From January 2019, travellers in Japan would be paying a rather aptly named 'Sayonara tax' for leaving the country. The Japanese parliament passed a legislation on Wednesday that would require travellers to pay JPY 1,000 or Rs 615. The tax would be levied on both international and Japanese travellers leaving the country by plane or ship. This would add to the air and ship fares.
Transit passengers who would leave the country within 24 hours and children under 2 years would be exempted from paying the Sayonara tax.
According to a report in Channel News Asia, this tax is expected to raise JPY 43 billion a year that will be pumped into infrastructure and for technological advancements such as face recognition at gates as well as provision of multilingual guides at national parks and other cultural sites. Not only that, the revenue will also be pumped into Japan's suddenly booming tourism.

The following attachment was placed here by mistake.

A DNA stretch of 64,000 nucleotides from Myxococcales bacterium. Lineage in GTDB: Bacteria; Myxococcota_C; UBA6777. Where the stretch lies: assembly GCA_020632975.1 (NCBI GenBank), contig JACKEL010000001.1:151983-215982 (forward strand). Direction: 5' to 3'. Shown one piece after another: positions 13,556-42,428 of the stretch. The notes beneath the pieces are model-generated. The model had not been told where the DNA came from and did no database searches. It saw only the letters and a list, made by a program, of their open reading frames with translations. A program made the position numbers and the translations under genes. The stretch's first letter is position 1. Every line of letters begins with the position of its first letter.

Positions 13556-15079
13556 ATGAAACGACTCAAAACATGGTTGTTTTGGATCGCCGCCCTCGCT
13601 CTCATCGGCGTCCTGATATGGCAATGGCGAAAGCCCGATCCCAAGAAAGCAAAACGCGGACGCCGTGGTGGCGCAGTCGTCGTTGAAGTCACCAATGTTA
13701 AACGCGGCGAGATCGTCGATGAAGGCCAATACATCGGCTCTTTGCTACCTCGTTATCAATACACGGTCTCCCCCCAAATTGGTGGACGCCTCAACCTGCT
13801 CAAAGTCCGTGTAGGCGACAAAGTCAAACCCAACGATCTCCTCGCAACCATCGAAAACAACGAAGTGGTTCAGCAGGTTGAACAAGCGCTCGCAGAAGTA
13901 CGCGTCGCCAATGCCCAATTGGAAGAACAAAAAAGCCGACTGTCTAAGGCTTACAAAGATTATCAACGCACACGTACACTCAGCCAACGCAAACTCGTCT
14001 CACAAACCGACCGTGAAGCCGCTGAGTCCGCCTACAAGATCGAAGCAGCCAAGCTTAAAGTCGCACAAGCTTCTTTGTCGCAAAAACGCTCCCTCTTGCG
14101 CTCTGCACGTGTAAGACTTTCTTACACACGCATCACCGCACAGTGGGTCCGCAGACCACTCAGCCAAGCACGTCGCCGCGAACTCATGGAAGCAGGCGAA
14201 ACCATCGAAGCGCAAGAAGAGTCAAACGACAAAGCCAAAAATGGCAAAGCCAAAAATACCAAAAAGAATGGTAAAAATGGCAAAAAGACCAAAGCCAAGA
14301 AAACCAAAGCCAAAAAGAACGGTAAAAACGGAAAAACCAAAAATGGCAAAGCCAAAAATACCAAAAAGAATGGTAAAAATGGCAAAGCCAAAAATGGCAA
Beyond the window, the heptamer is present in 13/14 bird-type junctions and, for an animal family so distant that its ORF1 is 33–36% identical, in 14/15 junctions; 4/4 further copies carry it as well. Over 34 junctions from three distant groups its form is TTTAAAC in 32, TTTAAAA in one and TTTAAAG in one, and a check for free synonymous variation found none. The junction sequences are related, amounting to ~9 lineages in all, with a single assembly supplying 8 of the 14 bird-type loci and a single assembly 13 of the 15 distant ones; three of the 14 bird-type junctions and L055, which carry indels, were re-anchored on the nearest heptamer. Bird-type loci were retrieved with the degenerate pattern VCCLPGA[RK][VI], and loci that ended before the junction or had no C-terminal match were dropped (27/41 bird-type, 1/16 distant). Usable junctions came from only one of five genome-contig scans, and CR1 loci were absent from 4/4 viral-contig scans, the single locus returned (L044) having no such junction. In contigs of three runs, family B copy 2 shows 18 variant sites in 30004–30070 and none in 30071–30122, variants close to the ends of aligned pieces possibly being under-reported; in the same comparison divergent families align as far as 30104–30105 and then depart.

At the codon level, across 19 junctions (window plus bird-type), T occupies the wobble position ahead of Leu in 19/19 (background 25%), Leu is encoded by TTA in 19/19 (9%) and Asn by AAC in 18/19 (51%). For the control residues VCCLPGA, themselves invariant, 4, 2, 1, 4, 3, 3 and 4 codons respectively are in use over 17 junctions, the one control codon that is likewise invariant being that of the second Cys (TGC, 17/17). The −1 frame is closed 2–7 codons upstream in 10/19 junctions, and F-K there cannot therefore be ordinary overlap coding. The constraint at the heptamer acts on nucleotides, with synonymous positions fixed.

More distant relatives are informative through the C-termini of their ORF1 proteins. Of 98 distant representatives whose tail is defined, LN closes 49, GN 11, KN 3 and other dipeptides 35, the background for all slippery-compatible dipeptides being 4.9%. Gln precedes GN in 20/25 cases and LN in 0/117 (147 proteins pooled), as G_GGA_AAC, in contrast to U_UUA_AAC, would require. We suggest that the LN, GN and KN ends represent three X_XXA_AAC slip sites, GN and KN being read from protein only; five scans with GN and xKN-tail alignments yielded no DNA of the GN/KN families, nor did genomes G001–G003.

According to the CNA report, Japan's tourism has seen a boom in the last two years and is expected to increase by 2020 Tokyo Olympics. In fact, the Japanese government is expecting tourism to increase to 40 million by 2020, a significant leap from 2017's 28.69 million.
The Sayonara tax is also the first permanent tax adopted by Japan since 1992, as mentioned in the news site.
However, Japan is not the first country to impose such a departure tax. There are similar versions implemented in Australia, South Korea and UK.